To hell in a trolley-car with a motley crew: utilitarians, “triage” urgers and Neo-AztecsApr 22, 2021
And one of them, named Caiaphas, being the high priest that same year, said unto them, Ye know nothing at all, Nor consider that it is expedient for us, that one man should die for the people, and that the whole nation perish not. (John, 11:49-50 KJV).
Covid-era debates over the intrinsic value of human life have trundled the Trolley Problem (broadly, one person killed to save five), into the public arena. The general concept is not new.
The sinister Caiaphas quoted with conscious irony in John’s Gospel, is a millennia-old utilitarian: perhaps the most extreme, given the victim he had in mind. The ancient Aztecs were famously industrial-scale utilitarians: to keep the sun going and preserve humankind, they propitiated Huitzilopochtli with many thousands of human sacrifices.
Early in the Covid crisis, we saw the emergence of “Neo-Aztecs”, apparently prepared to accept Covid deaths in propitiation of their Economy God.
Utilitarianism was invigorated last year by the macabre, barely believable, footage from Italy. Overwhelmed hospitals, lines of trucks hauling away cadavers; all of which was happening in a first-world country. “Who Gets the Last Ventilator?” became a topical question, and some utilitarians were ready with an immediate response: “triage”.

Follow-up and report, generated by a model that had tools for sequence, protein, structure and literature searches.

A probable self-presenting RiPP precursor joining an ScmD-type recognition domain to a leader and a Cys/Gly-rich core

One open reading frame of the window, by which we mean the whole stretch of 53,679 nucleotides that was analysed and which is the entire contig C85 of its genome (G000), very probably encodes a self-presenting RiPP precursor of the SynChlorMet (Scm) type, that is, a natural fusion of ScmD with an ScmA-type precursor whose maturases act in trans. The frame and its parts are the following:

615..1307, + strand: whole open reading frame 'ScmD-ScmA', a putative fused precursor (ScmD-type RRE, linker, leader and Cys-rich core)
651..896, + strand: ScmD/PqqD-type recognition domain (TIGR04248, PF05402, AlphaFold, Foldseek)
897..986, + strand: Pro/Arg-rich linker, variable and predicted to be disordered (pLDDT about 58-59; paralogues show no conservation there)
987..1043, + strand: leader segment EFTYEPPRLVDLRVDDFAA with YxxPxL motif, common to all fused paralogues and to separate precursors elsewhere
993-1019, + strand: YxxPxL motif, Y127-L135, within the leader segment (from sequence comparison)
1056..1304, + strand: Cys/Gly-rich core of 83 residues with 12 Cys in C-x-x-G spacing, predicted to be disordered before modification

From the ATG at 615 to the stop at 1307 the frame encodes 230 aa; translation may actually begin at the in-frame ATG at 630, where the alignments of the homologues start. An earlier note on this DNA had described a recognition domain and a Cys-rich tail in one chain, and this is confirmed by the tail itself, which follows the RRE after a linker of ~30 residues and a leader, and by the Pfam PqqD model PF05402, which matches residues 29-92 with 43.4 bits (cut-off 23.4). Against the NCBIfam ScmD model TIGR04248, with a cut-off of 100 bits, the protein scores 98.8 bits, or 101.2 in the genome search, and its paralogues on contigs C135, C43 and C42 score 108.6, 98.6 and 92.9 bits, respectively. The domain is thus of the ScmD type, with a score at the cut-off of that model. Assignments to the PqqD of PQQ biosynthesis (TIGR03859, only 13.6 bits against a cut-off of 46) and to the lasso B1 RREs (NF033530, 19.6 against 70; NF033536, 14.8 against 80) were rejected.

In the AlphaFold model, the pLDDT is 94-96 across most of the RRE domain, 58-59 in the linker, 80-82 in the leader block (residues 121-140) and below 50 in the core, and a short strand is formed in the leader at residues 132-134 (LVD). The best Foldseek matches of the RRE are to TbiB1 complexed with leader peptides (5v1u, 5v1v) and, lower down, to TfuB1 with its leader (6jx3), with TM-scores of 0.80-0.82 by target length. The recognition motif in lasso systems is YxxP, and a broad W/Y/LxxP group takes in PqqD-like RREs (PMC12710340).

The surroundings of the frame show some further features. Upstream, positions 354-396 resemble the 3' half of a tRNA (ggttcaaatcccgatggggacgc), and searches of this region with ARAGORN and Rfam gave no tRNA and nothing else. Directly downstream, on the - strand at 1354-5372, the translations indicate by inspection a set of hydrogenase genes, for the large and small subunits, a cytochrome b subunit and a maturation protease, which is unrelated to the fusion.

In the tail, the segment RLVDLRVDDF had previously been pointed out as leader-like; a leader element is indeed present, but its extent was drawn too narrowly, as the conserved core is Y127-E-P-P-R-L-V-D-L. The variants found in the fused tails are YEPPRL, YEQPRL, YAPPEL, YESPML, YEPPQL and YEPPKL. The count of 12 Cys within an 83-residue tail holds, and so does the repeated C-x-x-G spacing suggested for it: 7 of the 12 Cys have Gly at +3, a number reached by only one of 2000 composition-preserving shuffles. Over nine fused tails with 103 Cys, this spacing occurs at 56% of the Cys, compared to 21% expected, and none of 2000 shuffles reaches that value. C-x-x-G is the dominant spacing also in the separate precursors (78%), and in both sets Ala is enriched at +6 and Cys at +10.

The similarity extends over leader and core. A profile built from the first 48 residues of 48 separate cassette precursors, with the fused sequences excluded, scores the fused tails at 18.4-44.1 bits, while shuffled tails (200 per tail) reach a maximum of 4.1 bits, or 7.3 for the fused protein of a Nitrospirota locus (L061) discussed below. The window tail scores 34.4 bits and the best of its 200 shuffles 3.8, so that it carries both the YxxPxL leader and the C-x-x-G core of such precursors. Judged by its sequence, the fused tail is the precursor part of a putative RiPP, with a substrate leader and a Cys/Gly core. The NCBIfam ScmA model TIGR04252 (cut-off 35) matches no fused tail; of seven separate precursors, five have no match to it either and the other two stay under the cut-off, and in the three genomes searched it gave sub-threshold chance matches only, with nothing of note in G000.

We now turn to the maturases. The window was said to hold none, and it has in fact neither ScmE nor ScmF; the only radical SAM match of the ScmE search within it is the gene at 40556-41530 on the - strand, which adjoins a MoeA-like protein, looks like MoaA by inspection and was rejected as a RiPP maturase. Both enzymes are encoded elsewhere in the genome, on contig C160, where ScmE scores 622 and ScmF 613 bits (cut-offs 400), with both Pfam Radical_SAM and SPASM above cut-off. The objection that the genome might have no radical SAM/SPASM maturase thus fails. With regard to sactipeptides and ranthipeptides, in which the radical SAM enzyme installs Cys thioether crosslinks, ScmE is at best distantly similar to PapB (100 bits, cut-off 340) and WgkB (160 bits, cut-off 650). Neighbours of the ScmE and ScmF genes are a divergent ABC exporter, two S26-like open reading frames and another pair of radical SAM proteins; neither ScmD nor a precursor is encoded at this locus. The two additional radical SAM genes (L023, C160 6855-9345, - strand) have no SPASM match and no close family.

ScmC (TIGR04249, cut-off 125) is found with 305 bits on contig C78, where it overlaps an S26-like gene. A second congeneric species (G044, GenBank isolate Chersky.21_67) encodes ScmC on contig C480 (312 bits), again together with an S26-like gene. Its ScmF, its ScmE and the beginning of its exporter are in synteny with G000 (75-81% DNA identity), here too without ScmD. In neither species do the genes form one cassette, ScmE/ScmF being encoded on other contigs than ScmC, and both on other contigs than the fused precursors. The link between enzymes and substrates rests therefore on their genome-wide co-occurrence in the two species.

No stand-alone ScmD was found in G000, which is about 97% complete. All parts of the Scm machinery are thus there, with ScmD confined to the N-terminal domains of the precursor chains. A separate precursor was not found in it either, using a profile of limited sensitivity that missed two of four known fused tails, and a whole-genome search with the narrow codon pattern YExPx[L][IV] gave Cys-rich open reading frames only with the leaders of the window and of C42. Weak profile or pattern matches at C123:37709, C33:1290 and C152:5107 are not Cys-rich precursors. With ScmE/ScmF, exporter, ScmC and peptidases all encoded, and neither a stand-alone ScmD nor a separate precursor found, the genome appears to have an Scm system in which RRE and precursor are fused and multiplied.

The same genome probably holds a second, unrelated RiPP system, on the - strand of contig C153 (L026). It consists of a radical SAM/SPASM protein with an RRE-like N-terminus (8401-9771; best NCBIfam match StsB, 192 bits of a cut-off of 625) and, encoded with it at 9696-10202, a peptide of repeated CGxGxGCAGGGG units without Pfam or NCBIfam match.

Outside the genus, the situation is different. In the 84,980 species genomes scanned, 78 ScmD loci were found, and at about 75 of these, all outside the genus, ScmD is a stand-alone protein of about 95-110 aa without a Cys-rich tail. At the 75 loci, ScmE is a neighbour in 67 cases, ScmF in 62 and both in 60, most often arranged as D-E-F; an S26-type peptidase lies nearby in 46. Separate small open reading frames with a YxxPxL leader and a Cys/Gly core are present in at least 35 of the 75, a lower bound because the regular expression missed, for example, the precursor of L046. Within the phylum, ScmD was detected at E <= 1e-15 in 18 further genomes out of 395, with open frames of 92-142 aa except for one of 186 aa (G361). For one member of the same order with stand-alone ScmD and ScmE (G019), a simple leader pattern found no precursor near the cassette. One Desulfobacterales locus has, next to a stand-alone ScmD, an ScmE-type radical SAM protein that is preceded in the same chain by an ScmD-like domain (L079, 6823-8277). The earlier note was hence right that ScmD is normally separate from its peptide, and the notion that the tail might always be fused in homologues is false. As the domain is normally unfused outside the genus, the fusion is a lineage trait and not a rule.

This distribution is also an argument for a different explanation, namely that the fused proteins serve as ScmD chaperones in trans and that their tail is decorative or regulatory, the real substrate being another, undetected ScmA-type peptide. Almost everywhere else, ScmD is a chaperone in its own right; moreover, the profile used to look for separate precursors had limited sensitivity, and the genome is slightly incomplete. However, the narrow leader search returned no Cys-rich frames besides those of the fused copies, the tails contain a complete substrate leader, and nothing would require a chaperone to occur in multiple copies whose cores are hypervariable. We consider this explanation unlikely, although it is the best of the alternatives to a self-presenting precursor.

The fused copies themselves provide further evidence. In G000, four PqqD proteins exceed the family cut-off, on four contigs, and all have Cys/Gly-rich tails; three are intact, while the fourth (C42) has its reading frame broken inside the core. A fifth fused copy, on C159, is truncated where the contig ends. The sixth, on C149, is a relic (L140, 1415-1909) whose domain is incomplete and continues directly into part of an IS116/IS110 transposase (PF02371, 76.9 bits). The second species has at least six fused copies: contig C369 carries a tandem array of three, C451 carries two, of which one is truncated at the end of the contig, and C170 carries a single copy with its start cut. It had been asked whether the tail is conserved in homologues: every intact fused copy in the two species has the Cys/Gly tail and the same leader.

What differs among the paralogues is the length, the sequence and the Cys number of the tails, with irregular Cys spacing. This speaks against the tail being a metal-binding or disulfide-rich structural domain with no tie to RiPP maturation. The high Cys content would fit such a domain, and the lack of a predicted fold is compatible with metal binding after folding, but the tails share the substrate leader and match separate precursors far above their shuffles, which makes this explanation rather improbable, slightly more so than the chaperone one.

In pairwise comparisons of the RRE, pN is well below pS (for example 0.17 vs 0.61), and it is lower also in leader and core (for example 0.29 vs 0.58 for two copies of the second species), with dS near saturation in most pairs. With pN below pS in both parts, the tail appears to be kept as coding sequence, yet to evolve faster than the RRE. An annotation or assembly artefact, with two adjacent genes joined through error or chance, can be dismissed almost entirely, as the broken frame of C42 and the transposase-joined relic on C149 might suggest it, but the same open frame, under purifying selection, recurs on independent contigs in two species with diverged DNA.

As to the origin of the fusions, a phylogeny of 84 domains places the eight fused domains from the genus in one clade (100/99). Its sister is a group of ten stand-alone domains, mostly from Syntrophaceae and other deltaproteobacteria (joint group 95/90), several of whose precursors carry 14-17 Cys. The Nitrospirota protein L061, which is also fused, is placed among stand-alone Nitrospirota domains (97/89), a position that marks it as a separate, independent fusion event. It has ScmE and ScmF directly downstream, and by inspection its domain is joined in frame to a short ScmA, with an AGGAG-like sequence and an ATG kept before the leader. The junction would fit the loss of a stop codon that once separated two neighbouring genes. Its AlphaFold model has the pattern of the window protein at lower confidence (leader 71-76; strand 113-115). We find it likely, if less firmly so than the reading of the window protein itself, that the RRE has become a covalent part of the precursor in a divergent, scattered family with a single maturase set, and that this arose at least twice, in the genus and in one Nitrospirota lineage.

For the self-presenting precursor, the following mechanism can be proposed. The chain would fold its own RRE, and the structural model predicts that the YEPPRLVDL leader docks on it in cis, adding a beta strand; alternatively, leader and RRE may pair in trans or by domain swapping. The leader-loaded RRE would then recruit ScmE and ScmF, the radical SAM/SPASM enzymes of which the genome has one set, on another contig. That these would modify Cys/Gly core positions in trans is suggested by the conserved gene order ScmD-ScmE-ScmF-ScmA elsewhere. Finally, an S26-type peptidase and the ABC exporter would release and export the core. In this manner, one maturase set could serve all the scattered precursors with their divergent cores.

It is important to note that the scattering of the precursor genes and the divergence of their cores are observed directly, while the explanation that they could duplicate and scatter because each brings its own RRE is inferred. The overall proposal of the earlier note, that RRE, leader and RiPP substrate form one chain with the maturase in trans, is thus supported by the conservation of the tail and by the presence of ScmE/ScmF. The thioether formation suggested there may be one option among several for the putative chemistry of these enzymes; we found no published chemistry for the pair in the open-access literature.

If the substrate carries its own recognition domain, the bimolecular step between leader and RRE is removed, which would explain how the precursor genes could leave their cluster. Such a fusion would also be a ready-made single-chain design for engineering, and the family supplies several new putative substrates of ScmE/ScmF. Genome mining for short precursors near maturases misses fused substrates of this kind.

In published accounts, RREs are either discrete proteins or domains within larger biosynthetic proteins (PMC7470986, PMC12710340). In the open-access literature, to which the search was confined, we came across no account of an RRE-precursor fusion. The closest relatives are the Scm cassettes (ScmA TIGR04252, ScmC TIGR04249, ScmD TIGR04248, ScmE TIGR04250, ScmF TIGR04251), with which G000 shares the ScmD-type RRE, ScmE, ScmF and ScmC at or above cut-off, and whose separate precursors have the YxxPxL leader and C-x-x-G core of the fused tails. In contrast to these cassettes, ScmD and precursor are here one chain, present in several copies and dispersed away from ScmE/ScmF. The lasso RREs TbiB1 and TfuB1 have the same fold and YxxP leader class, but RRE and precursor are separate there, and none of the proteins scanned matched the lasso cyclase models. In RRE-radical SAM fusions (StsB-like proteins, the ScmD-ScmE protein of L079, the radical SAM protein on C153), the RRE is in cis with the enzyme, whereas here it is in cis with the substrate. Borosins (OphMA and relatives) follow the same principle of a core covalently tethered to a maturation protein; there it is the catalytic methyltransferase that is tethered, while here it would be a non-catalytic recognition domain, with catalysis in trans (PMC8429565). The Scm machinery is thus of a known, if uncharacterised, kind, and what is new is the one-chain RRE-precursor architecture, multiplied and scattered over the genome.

“Bold” triage suggestions by a group of Italian medicos were discussed in a prominently featured article, ‘Ethical decisions about who lives and who dies may not be hypothetical’ (SMH, 20/03/20), including age limits on ICU admissions, and whether “patients who are elderly, frail, or have other health problems in addition to the virus” might occupy ICU beds too long while recovering, warranting summary expulsion.
In Australia, “Triage Protocols” pushed the envelope well beyond the traditional medical practice of sorting patients into levels of need and prioritising treatment accordingly (eg, the Canadian Triage and Acuity Scale).
Covid-oriented protocols turn normal procedures on their head: the more urgently at risk a patient is assessed to be – for example by reason of age or “co-morbidities” – the more likely he/she is to be denied treatment.
Fortunately, in Australia, the Federation worked a treat, and all levels of government responded to the popular will, obviating the Last Ventilator. So far, very good indeed.
However, hard-liners have issued no apologies, nor changed their tune. In the event of a viral recrudescence, they will inevitably resume the attack, perhaps encouraged by community Lock-down fatigue. And this is not the last pandemic: other battles doubtless lie ahead.
Accordingly, it is worth reviewing the tactics of Covid “appeasers” as we have come to know them, the better to counter them. Some notions are probably now defunct, like Herd Immunity and ‘Let’er Rip’. The “cure is worse than the disease” trope was trounced by the iron law that the lower a nation’s Covid death toll, the better is its economic performance.
Right-wing commentators, perhaps unconsciously echoing Nietzsche, have from the outset vehemently criticised measures to protect the lives of the vulnerable, spinning lockdown policies as tyranny of the weak. Happily, relentless jawboning of the populace with accusations of “cowardly compliance” has cut no ice.